Imperial History and Documentary Culture at the Bill Douglas Cinema Museum

David Thackeray, Angela Banks, Kelly Cave, Jessica Deters, Caroline Menu, Daniel Scherer, Xiaohan Wang, and Henrik Zimmermann
International Summer School 2014, University of Exeter

Cross-Posted from the Bill Douglas Cinema Museum

bill douglas 1In July 2014 the University of Exeter ran its second annual summer school connected to Imperial and Global History: Britain and the making of the modern world with students from Canada, China, India, the Netherlands, Switzerland, and the USA. In this blog post students reflect on their experience working with Dr. David Thackeray from the History Department to explore archives connected to imperial history and documentary culture from the Bill Douglas Cinema Museum at the University of Exeter. The museum is home to one of the largest collections of material on the moving image in Britain, with a collection of over 75,000 items. The class was split into three groups and given a variety of film and visual culture sources to explore, then asked to record their reactions to those they found of most interest. Continue reading “Imperial History and Documentary Culture at the Bill Douglas Cinema Museum”

Imagining Britain’s Global Markets

A 1927 pictoral map with all the dominions and trade routes. British Empire Marketing Board.   (Library and Archives Canada, Acc. No. 1983-27-382 Copyright expired.)
A 1927 pictoral map with all the dominions and trade routes. British Empire Marketing Board.
Library and Archives Canada, Acc. No. 1983-27-382 Copyright expired.

The History Department at the University of Exeter has recently received funding from the AHRC to support an international research network: ‘Imagining Markets: Conceptions of Empire/Commonwealth, Europe and China in Britain’s economic future since the 1870s’. The network led by David Thackeray, Richard Toye and Andrew Thompson aims to provide a bridge between historical and contemporary ways of thinking about Britain’s future global economic orientation, bringing together scholars working in the fields of Imperial, European and Asian studies, and scholars from cultural studies and economic studies, which have become increasingly separated branches of enquiry calling for reintegration.

Continue reading “Imagining Britain’s Global Markets”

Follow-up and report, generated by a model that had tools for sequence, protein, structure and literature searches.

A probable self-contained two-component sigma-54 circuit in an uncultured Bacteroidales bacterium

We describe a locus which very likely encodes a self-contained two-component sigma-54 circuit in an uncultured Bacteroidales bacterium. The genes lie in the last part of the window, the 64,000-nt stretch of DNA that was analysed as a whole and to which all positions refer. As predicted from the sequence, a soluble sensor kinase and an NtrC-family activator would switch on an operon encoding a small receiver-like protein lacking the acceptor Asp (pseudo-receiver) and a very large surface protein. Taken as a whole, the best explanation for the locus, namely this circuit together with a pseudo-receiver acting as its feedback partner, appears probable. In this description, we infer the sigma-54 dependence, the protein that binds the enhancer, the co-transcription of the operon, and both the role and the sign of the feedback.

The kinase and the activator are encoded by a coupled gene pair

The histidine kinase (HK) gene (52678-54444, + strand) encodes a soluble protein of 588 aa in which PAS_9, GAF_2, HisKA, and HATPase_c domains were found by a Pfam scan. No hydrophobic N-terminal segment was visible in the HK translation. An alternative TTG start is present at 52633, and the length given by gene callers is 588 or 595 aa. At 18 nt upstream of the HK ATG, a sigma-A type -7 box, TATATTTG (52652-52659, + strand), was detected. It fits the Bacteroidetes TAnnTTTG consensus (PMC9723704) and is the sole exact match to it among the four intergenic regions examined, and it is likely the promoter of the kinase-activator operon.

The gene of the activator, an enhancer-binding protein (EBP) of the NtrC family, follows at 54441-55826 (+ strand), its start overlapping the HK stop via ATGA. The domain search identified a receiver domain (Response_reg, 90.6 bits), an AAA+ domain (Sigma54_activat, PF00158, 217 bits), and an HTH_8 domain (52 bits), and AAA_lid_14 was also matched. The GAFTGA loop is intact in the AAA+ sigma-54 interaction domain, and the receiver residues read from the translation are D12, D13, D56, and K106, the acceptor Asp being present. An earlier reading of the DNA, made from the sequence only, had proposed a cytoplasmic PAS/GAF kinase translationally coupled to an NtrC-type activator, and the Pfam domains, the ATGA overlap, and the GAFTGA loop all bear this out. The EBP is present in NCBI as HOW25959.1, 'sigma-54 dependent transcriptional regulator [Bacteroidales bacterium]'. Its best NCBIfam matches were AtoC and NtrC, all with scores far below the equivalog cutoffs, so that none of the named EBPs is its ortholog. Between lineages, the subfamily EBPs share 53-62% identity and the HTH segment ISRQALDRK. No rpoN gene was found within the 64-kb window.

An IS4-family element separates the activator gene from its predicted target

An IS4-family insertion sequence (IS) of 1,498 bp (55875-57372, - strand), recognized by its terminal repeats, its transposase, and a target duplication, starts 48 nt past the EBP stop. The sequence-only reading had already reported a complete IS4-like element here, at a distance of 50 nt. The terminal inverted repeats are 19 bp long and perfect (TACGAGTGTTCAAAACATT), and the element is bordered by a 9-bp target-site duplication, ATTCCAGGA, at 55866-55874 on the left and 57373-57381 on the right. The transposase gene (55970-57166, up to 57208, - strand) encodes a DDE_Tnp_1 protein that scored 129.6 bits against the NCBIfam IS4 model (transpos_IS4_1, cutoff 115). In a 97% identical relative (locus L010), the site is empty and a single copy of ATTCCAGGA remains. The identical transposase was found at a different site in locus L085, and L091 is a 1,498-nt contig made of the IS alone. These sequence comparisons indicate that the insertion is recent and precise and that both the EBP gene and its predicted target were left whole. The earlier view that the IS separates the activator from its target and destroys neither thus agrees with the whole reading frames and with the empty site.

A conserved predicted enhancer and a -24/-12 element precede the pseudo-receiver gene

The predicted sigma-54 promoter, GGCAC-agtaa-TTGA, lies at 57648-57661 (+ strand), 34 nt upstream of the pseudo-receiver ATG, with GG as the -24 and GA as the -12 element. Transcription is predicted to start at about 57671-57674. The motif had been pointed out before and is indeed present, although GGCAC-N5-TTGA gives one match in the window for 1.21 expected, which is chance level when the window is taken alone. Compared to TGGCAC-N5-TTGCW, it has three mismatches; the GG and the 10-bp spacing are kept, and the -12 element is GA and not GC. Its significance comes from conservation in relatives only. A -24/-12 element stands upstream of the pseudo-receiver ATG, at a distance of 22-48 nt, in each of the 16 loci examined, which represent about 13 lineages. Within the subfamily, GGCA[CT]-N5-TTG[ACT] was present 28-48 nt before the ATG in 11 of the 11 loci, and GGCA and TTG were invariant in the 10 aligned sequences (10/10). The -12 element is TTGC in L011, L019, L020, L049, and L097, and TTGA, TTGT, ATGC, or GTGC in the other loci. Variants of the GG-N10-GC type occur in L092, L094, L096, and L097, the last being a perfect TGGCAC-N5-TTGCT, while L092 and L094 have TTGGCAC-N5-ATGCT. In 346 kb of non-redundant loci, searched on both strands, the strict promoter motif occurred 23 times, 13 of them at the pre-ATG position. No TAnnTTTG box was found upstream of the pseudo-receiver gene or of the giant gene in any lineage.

Boycotting Apartheid: the Global Politics of ‘Fair Trade’

Free Nelson MandelaDavid Thackeray

As  a  child  there  were  few  experiences  I  looked  forward  to  more  than  a  trip  up  to  London  with  my  father  to  visit  Hamleys  toy  store  in  the  run-up  to  Christmas.  Rather  unusually  perhaps,  these  visits  to  the  capital  were  also  occasionally  marked  by  a  stop  at  South  Africa  House  to  see  the  Anti-Apartheid  picket  of  the  embassy,  organised  to  call  for  the  release  of  ANC  leader  Nelson  Mandela.  We  had  moved  to  the  UK  from  New  Zealand  a  few  years  beforehand,  and  Dad  would  always  use  such  occasions  to  regale  me  with  proud  memories  of  the  protests  which  greeted  South  Africa’s  notorious  rugby  tour  in  1981.  When  the  Springboks  came  to  our  home  city  of  Hamilton,  a  key  centre  of  Maori  culture,  crowd  protests  led  to  the  abandonment  of  a  test  against  the  All  Blacks.  Another  game  became  a  farce  when  flour  bombs  and  leaflets  were  scattered  over  the  pitch  from  a  light  aeroplane. Continue reading “Boycotting Apartheid: the Global Politics of ‘Fair Trade’”

Buying British Across the World

David Thackeray

An Empire Marketing Board poster from the late 1920s
An Empire Marketing Board poster from the late 1920s

This autumn I spoke at several universities in Australia and New Zealand on the subject of the various shopping weeks that were launched to promote Empire trade during the 1920s and 1930s. The story of the Empire Marketing Board’s efforts to develop the idea of ‘Buying Empire’ in inter-war Britain is well known, and its posters still appear regularly on the covers of books written about imperial culture (and also currently featured as the background to this blog!). What is less well known is that the same cause was taken up with enthusiasm by a variety of organisations in the Dominions, and arguably achieved greater and more lasting prominence there than it did in Britain.

At the same time, it quickly became clear to me that the archives in England and Australasia were telling different stories. Politicians and businessmen in Wellington and Melbourne may have conceived themselves to be members of a ‘British’ trade community, but their understanding of what the future of the Empire as an economic unit should be often differed from their counterparts in London. Continue reading “Buying British Across the World”